A Vault of Empty, Dusty Gin Bottles
It is extremely perplexing why Rivera, if he was actually the celebrated detective, investigative reporter, that he claimed, did not have the foresight to regroup his bearings, as he stood before his live TV audience, glued to our screen, keenly watching hour after anticipated hour, the every move of his crew leading to the final anxious, moments, when Capone’s vault door swung open to reveal the promised, anticipated, magnificent bounty, only to discover dusty, empty gin bottles, as we, the audience, exclaimed in aghast, a series of collective disgust and laughter.
Vault vs. Vault
Rivera had the potential to capture the targeted market turnout assembled; crowds gathered and congregated in our homes all trailing at Rivera’s heels in search of some obscure details of Capone’s remains left behind, because there is an actual mystery surrounding the whereabouts and contents of Capone’s vault. It is just not the type of vault Rivera was standing in front of that evening in 1986. He could have easily regained his composure and eased his audience in another direction to smooth the agony of wasted time to come up empty-handed. After all, it was merely days after the passing of Capone’s wife and the remains of Al Capone’s final resting place was not common knowledge. Instead, Rivera’s live broadcast was basically abruptly shutdown leaving, an anti-climax atmosphere. Subsequently, his claim to fame integrity, as an admired, respected, research reporter vanished instantly into thin air.
Mount Olivet and Mount Carmel Cemeteries
Without further ado, here is the legitimate background story on the burial locations of the sometimes celebrated; other times disdained, but forever immortalized, gangster, Al Capone, which Rivera should have been prepared to report with readily available pictures, another puzzle to unwind and solve. As in the case of Capone’s burial procession, there were two slyly, guarded, private cars to misguide the parade of onlookers, there are two grave-site locations to distract past and future contemptuous, sacrilegious, desecration of his tombstone. Although, this has not completely halted the numerous attempts at vandalism and thefts, if you want to view Capone’s Mount Carmel family plot, here is a video, which fittingly, leaves behind a bottle of gin.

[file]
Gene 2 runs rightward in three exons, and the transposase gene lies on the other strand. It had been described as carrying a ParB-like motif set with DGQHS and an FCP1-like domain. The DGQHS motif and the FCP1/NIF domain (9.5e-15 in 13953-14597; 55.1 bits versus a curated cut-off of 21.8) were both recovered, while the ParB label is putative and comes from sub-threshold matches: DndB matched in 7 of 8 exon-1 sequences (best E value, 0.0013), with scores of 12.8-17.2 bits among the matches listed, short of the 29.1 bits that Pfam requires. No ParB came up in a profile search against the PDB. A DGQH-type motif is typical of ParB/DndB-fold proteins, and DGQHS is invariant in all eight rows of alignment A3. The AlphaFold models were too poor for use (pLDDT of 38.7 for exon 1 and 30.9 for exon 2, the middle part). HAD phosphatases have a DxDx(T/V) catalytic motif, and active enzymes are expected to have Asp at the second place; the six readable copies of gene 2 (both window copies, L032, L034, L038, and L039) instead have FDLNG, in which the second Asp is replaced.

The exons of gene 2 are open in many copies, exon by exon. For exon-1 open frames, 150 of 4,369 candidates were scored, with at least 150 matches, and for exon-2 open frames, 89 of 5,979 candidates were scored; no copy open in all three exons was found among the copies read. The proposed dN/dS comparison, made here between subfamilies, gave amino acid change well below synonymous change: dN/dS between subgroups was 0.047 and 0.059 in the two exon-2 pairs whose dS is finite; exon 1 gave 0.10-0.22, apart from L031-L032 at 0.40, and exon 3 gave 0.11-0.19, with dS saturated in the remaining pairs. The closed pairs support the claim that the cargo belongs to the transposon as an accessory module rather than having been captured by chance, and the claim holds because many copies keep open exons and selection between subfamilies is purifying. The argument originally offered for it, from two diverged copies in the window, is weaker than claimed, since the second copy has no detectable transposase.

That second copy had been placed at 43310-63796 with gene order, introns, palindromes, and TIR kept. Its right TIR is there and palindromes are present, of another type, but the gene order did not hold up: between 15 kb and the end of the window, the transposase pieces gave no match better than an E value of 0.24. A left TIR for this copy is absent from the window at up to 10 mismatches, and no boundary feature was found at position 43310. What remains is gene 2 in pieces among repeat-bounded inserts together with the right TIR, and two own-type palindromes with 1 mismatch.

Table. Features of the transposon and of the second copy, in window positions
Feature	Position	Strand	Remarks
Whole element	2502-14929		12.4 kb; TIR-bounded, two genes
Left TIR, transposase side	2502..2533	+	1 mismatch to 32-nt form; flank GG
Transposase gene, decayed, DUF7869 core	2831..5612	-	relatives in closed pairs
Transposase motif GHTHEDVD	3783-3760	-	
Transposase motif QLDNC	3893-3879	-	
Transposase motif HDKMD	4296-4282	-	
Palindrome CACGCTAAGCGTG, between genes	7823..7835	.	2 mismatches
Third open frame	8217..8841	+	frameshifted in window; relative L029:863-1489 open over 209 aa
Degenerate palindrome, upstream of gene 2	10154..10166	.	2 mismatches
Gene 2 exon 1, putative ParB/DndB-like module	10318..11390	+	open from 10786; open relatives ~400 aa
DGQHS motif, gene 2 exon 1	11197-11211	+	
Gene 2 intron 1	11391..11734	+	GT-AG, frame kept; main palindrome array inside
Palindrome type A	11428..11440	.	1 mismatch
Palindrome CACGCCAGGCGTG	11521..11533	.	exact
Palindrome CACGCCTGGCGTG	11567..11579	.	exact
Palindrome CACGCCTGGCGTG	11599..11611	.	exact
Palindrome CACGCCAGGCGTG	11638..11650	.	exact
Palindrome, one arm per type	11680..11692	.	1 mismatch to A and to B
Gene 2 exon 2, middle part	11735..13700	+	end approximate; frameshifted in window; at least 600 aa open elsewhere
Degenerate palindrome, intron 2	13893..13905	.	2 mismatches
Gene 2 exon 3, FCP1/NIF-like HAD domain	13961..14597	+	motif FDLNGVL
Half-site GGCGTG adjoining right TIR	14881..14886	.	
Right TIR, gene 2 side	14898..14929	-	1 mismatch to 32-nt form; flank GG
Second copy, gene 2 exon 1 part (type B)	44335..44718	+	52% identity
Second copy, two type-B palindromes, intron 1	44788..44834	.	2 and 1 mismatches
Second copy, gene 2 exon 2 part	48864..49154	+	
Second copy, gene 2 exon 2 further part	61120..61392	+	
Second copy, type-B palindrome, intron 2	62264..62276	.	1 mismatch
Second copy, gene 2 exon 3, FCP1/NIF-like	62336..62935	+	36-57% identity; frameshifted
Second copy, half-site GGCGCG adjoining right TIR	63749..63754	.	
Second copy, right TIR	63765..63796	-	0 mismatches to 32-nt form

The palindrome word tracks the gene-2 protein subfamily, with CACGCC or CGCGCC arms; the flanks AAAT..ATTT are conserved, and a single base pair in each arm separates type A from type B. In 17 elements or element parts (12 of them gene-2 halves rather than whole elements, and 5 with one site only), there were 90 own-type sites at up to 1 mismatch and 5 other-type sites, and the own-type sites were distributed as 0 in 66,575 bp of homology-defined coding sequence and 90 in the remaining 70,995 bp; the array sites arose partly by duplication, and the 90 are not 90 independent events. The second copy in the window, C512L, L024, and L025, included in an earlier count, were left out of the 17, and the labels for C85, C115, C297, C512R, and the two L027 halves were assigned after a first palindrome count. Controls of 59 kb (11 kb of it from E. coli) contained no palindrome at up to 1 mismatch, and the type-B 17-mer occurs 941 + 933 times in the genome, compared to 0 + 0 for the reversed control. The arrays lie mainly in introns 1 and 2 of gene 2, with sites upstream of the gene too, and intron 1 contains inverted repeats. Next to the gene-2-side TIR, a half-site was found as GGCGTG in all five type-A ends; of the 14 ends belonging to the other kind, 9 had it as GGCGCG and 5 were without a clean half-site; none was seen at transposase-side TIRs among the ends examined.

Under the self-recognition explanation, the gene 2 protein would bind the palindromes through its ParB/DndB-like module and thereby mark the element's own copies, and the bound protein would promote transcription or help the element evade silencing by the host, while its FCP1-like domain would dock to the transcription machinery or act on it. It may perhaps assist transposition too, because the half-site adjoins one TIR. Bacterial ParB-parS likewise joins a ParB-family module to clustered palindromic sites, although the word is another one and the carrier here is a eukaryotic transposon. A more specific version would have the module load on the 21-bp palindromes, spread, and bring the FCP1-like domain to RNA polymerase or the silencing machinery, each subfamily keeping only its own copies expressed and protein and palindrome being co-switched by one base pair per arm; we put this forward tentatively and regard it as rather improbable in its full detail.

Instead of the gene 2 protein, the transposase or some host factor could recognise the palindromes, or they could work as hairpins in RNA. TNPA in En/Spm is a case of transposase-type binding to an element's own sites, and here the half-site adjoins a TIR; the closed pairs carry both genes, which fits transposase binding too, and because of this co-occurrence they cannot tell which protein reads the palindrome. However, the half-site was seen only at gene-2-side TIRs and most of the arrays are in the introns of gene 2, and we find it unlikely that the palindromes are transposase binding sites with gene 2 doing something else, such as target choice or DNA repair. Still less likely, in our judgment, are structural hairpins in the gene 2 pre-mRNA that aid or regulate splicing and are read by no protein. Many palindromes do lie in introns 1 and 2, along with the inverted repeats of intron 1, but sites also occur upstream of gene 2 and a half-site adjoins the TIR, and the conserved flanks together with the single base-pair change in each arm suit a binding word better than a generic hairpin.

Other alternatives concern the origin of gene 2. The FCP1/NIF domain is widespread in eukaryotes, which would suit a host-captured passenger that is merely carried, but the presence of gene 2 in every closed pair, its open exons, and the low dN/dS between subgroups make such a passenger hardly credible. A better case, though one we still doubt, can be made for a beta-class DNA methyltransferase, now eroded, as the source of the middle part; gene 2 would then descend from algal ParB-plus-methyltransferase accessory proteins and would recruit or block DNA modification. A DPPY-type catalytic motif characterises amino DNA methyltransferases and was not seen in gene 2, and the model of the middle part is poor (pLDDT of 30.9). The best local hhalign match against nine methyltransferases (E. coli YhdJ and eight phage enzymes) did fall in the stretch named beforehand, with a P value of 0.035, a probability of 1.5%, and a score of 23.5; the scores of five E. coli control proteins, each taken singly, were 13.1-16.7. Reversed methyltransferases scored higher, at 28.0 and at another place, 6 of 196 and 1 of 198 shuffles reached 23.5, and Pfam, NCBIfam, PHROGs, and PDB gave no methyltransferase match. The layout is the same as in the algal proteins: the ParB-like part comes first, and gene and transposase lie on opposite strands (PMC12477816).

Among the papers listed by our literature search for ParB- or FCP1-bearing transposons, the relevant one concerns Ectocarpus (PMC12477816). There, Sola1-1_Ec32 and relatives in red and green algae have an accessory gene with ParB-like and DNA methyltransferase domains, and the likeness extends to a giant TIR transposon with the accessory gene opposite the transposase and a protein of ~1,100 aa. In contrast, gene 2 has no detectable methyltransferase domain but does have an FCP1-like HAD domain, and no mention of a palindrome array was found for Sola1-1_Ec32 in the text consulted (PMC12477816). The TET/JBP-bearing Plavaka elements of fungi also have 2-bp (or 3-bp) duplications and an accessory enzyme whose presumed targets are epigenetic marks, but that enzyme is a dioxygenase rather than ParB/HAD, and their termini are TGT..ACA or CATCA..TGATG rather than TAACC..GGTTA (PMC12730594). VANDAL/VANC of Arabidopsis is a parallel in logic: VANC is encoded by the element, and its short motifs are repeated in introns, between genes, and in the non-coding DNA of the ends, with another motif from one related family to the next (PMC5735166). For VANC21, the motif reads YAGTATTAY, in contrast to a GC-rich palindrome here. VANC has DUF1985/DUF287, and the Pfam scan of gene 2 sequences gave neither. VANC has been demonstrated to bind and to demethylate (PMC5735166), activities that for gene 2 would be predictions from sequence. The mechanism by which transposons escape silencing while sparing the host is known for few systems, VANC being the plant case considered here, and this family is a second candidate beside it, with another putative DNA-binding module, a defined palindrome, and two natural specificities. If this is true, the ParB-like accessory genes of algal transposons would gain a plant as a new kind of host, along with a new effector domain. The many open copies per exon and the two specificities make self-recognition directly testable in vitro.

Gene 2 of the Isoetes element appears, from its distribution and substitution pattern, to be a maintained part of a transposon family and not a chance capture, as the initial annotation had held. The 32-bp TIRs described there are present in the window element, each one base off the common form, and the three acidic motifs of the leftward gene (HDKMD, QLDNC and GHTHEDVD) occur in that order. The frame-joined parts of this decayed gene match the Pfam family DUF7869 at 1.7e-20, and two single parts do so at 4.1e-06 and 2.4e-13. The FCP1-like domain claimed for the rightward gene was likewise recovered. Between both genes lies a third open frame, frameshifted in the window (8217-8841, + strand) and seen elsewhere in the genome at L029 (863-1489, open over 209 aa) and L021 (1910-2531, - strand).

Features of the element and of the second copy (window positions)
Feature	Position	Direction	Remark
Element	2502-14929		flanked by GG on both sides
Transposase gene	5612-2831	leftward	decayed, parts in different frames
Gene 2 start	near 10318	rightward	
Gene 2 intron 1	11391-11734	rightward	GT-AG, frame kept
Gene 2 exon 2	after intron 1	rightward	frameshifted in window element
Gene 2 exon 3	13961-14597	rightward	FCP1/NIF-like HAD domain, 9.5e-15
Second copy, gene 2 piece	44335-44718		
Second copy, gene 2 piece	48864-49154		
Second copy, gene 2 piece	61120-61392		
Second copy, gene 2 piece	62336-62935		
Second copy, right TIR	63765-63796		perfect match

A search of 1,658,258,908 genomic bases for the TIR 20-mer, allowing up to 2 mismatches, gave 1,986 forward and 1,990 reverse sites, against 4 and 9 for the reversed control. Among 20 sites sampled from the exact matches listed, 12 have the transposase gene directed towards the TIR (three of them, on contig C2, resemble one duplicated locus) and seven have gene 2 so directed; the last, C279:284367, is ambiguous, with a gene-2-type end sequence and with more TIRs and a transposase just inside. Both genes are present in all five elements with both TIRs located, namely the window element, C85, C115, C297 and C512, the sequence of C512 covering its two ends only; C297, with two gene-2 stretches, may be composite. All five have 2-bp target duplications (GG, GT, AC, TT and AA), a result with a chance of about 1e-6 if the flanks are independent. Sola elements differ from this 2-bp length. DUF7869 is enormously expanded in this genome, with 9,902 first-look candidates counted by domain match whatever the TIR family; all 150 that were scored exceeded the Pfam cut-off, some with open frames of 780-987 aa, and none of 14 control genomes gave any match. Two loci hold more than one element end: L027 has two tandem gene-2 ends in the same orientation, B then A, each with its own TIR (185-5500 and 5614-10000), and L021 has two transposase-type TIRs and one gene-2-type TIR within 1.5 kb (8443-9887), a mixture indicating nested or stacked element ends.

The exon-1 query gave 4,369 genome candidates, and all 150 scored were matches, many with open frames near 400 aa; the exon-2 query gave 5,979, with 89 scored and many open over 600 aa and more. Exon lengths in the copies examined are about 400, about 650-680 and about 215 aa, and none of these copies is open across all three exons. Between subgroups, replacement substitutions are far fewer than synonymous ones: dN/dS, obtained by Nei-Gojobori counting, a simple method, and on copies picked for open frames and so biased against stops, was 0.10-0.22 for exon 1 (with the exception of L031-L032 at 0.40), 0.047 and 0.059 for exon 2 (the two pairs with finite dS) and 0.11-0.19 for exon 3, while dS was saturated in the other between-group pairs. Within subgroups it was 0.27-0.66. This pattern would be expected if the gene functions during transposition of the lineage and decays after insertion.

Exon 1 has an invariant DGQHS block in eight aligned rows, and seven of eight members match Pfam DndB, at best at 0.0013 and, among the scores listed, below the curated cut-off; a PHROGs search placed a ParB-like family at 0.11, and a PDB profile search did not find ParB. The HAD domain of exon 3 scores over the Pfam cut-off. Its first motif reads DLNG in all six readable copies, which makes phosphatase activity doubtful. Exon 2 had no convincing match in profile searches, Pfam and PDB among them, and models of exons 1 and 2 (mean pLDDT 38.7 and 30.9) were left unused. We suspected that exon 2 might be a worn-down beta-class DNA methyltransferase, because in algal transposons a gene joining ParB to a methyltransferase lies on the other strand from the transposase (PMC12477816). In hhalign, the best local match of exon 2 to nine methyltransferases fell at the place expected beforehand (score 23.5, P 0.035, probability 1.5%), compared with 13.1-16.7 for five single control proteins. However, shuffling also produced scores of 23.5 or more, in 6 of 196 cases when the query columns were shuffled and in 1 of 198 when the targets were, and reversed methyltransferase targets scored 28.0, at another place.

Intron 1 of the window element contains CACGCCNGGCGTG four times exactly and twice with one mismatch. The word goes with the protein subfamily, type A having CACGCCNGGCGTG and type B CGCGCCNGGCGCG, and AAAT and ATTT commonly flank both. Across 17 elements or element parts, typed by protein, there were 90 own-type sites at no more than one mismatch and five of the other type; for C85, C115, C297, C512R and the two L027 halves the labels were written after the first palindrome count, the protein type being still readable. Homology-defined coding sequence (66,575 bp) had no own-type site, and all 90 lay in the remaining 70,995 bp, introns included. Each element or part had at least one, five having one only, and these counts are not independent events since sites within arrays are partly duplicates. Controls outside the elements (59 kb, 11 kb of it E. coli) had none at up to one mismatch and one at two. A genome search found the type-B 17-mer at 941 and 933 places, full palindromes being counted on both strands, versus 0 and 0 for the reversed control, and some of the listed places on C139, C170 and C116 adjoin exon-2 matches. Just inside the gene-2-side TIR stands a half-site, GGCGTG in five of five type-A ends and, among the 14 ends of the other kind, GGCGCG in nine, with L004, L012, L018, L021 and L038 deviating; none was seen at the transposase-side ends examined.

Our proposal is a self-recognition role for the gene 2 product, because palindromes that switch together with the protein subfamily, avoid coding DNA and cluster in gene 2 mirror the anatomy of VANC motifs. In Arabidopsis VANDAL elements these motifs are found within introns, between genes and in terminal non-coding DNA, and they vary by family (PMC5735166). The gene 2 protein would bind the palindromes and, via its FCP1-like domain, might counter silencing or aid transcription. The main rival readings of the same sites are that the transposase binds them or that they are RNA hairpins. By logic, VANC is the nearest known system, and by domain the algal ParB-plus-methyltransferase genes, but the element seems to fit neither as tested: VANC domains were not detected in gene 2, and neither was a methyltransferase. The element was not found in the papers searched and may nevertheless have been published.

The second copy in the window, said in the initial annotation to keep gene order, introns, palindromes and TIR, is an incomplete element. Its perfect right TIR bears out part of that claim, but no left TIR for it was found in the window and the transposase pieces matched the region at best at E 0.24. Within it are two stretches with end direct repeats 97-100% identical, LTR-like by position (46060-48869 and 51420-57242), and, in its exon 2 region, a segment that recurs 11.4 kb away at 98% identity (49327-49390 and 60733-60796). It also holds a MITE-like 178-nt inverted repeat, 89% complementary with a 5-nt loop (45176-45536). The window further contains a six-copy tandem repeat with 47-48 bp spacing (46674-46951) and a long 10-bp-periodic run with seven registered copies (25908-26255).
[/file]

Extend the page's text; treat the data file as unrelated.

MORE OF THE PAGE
• Mount Olivet – located in the 1885 Catholic Cemetery at 2755 West 111th Street, Chicago, Illinois. close to 115th street in section 52
• Mount Carmel Cemetery – located in the 1901 Catholic Cemetery at 1400 S Wolf Rd, Hillside, Illinois close to Roosevelt Road in Section 35
Thus, if you seek to go pay your respects or simply curious to see the final, elusive, resting spot of Al Capone, head over to the beautifully, serene, tranquil, Mount Carmel Cemetery in Hillside, Illinois, while you’re there wander over to visit the O’Banion Brothers, Hymie Weiss and others, all ironically rivals while living, hopefully all resting in peace together in the afterlife. Of course, there is no guarantee; Capone’s actually remains here, but at least, you will not have spent wasted hours planning a trip to see his vault in the renowned, South Side of Chicago. Ironically, there are still reporters out there, similar to Geraldo Rivera guiding spectators on a goose chase, stating Mount Olivet, not Mount Carmel, which is the last known place, where Capone and his family are buried.
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